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Plaintiffs Say Drug to Reduce Cow Emissions Could Cause Environmental Harm

Herd of steers looking at camera

Group of young steers in the meadow

The Animal Legal Defense Fund (ALDF), along with the Food & Water Watch and the Food Animal Concerns Trust responded on Monday to motions to dismiss their Northern District of California suit claiming that the Food and Drug Administration (FDA) and an animal pharmaceutical company should not have approved Experior, a drug to reduce gasses released by cattle. The plaintiffs argued that they do have standing and have adequately alleged injuries, and asked the court to deny the motions to dismiss. 

The FDA and Elanco Animal Health each filed a motion to dismiss the suit in late October. The drug the defendants approved purportedly causes less ammonia gas to be released from cow waste. They argued that the plaintiffs did not have standing because they had not been harmed by Experior. Monday’s response, however, said that the motions to dismiss “overstate the standard of review” and “mischaracterize the harms to Plaintiffs’ members.” 

The plaintiffs reiterated their claims that Experior, which is a beta-agonist and is designed to increase the industrial production of meat, is harmful to the cows, as well as to the environment. The ALDF reportedly petitioned the FDA to stay its approval of Experior shortly after the drug was approved, purporting that it did not “adequately consider() the animal health, public health, and environmental impacts” of the drug’s use, but the FDA denied its petition.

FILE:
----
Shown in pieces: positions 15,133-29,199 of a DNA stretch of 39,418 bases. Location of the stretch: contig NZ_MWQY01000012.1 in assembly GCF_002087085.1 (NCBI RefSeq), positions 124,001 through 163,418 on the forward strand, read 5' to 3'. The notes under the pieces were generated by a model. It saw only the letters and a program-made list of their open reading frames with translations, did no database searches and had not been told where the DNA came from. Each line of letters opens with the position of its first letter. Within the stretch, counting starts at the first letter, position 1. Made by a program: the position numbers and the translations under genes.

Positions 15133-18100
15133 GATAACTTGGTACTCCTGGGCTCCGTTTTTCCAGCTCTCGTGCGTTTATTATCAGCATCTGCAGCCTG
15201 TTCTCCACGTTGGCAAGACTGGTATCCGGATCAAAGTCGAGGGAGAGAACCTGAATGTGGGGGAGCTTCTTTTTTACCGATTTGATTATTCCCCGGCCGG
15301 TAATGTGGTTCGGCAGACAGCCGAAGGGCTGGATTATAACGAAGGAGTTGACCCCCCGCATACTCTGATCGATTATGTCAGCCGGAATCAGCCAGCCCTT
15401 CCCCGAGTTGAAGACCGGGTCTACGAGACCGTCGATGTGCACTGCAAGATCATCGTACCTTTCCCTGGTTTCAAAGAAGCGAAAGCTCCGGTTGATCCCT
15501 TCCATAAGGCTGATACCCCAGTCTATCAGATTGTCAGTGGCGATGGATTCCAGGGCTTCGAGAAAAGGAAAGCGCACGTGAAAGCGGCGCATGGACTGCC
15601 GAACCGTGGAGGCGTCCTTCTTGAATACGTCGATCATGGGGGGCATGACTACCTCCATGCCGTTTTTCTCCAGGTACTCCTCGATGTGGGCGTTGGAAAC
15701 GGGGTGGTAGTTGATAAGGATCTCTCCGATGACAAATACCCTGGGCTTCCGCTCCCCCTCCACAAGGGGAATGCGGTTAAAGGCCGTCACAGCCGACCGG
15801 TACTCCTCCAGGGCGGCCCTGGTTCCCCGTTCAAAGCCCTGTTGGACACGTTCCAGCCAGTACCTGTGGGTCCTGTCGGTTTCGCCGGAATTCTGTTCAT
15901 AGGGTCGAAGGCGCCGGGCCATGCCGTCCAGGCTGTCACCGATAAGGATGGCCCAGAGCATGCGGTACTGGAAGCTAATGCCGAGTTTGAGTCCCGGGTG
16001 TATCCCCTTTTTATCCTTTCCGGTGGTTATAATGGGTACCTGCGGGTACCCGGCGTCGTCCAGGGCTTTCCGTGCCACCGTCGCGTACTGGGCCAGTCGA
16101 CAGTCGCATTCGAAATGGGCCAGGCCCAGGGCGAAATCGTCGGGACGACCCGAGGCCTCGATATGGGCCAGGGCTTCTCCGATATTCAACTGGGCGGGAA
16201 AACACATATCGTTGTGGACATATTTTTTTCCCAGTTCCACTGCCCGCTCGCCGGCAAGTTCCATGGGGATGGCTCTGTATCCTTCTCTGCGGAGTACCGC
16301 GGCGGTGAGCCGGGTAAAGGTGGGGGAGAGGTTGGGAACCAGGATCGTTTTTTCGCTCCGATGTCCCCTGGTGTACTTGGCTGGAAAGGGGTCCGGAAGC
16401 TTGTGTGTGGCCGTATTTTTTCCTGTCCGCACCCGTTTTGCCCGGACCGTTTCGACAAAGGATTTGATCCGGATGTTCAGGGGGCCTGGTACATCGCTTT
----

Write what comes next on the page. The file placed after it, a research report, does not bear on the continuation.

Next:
In the response’s argument that the plaintiffs do have standing, it said that “Exterior’s imminent, widespread distribution harms Plaintiffs’ members and threatens the natural environments and rural landscapes where they recreate and live. Plaintiffs’ members are beef consumers who are harmed because they cannot avoid exposure to Experior in the food supply while consuming conventionally-raised beef and, because there is no way for them to know whether Experior is being used in the meat they purchase, they are forced to change their purchasing habits or forgo beef consumption altogether.” The plaintiffs also said that some rural residential members of the plaintiff organizations have businesses that could be harmed by the drug’s approval. 

Experior was reportedly approved by the FDA on November 6, 2018. The plaintiffs claimed that it and similar drugs are linked to higher mortality rates for cows from various issues, and behavioral issues in the cows that could lead the cows to be abused or suffer. The response also cited that the drugs, if allowed to contaminate the environment, could harm wildlife. The plaintiffs asserted that the presence of Experior in food products is now “imminent” and that the court should allow the case to continue. 

The plaintiffs are represented by the Animal Legal Defense Fund and the Law Office of Paige Tomaselli. Elanco is represented by Covington & Burling LLP and the FDA is represented by the Department of Justice. 

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